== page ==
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First Confederate Soldier Slain in Battle

First Confederate Casualty of the Civil War Pvt Henry Wyatt Co A 1st N C

Henry L. Wyatt, the “first Confederate soldier slain in battle,” died at the Battle of Big Bethel, in Virginia, on June 10, 1861. His service record confirms this, and that he was 19 years old when he enrolled as a private in Company A, 1st North Carolina Volunteers, less than two months earlier. It also includes a petition from his mother to “obtain the pay due him” of $35.63 ($922.15 in 2011 US dollars source).

William B. Taylor, a corporal in Company C, 1st N.C. Volunteers, was also at the battle. Taylor drew a descriptive and colorful “Plan of the Battle of Bethel” which is archived at the Library of Congress, and available in the Civil War Maps collection at Footnote.

In his “Topographical sketch of the Battle of Bethel, June 10th, 1861,” Taylor honored his mother by presenting the map to “Mrs. M.E. Taylor with filial respect by her son Wm. B. Taylor.” He also paid tribute to Henry L. Wyatt by marking where Wyatt was killed and noting the “Blacksmith’s shop burned by Wyatt who was killed here.”

Taylor drew Confederate and Union flags on the map depicting where each set of troops fought. He also included details of woods, breastworks, and marshes. His comments identified a howitzer that “arrived late not used” and the spot where “Col. Winthrop of the N.Y. 2d. Reg. [was] shot while standing on the fence flourishing his sword.” Winthrop, actually Major Theodore Winthrop, of the 7th New York, was one of the first Union soldiers killed in the Civil War.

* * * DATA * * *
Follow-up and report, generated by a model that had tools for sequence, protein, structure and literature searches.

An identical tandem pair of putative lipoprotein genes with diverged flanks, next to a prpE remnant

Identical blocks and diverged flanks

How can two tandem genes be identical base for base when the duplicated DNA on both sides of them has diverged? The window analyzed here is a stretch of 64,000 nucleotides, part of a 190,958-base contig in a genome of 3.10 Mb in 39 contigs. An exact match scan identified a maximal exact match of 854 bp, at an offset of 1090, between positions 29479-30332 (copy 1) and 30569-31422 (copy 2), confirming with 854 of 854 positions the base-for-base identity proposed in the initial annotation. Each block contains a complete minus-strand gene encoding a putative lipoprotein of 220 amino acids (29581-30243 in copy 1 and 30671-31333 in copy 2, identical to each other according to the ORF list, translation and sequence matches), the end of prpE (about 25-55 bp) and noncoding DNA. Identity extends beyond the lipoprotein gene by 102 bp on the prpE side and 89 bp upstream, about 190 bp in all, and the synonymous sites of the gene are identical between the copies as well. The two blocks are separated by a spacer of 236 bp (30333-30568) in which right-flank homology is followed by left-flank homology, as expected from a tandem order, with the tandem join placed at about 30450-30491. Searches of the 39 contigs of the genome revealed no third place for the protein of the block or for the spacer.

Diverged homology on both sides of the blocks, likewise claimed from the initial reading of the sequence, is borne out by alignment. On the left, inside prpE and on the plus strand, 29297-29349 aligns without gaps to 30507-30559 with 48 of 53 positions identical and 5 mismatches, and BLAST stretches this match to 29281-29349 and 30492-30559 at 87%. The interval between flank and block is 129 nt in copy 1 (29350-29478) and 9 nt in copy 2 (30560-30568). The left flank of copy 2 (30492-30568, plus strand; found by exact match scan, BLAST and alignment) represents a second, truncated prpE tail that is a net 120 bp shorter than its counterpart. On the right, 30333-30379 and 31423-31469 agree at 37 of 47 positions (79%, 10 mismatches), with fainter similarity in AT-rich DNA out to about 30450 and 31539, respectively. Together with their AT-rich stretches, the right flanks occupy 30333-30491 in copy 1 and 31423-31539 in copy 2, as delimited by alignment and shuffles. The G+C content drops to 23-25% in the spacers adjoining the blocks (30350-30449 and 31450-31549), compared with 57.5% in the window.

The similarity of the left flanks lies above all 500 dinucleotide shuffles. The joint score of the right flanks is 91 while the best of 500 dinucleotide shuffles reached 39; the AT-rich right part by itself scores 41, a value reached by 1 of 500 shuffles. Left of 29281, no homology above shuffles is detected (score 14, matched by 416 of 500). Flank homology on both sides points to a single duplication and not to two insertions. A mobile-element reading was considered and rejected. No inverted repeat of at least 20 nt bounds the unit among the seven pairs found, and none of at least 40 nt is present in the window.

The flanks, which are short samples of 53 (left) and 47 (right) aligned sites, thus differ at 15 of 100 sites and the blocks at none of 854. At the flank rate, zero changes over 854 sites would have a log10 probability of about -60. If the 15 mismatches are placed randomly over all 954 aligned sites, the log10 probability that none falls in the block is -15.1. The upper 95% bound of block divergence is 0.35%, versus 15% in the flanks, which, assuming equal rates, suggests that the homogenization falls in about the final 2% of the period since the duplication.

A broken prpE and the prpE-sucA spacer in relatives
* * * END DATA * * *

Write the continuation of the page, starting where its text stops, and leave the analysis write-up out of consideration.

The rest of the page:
William B. Taylor was initially a corporal in Company C of the 1st North Carolina Infantry. He enlisted on April 20, 1861, and mustered in on May 13, less than a month before the first battle. The 1st North Carolina later became the 11th North Carolina (Bethel Regiment) Infantry.
Topographical sketch of the Battle of Bethel, June 10th, 1861.
What was it like to head to war in 1861? Union officer Theodore Winthrop, identified in Taylor’s map above as another casualty of Big Bethel, was also a respected author. In “Our March to Washington” Winthrop relates his regiment’s trek southward in April 1861, at about the time that Wyatt and Taylor were enlisting. A few weeks later, their paths would tragically meet.


  1. peter farwick says:

    Great to learn about our great country this way. It shows how little we know about these great people. Thanks for this program.

  2. Victor C. Devereaux says:

    History is critical to understanding the national conscience of the time. To humanize all our citizens is very important. To glorify the murderous treason of traitors is a continuous outrage and a product of the horrid practice of slavery. History should be taught in its naked truth!